The review process raised many questions in critical areas also identified as weak by this evaluation (Chapter 7). However, reviewers ended up in a reactive mode, commenting more extensively as programs proceeded, rather than strategically at the outset, when they could have had the biggest impact to improve program design. This is puzzling since later comments are rich and focus on a wide array of critical design issues. Areas where comments could ideally come at the negotiation phase include (1) the need to link the fiscal adjustment with the recovery of private sector activity and growth; (2) specific actions that would demonstrate the commitment of the authorities to the program, particularly in removing exemptions and taking more forceful actions to reduce tax evasion; (3) consideration of past implementation problems in the design of the program; and (4) measures to improve equity and protect social spending.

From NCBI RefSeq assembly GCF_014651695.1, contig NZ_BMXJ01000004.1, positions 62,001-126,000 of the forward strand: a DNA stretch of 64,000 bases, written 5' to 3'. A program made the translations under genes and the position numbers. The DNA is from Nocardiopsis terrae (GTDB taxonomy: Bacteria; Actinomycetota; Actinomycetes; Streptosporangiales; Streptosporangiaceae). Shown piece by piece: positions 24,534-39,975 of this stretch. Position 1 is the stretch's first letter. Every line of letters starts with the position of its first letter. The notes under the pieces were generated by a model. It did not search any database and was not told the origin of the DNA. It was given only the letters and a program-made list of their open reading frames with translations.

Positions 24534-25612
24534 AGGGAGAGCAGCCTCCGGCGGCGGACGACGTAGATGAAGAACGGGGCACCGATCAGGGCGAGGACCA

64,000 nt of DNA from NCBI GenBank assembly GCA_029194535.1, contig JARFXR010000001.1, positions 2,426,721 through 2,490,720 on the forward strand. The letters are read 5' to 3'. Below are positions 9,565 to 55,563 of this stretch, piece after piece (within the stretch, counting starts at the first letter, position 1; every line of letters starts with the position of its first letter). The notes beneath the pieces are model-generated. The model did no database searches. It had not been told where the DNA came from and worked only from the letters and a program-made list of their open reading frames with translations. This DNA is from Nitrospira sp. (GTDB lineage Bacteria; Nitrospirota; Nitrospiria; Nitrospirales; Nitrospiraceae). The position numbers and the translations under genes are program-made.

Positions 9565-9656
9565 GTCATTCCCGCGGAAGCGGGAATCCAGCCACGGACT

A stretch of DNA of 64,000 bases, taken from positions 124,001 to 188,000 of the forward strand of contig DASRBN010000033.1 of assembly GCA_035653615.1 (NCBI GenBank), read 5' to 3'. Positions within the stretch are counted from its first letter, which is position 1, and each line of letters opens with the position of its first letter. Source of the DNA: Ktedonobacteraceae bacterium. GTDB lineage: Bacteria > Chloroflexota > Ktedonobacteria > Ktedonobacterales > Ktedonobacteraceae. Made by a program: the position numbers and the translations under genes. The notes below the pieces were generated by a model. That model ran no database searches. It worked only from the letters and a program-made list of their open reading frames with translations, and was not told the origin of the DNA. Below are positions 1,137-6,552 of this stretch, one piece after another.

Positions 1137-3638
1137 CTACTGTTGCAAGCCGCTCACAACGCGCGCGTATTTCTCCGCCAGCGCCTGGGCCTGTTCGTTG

The tendency for comments to come late in the process can be explained by reference to several important factors:
Reviewing departments seem to provide latitude to mission chiefs in developing the details of the program, particularly when projected outcomes appear ambitious. Subsequent comments reflect the fact that developments are less favorable than originally expected.
Program briefs basically address the immediate requirements of the economy for the early stage of adjustment, while other complementary policies are needed only for later stages. Reviews would then follow up on this sequencing of measures, with the functional departments possibly taking the lead.
There are time constraints associated with the preparation of prenegotiation briefs, which make it difficult to achieve more substantive comments at the outset.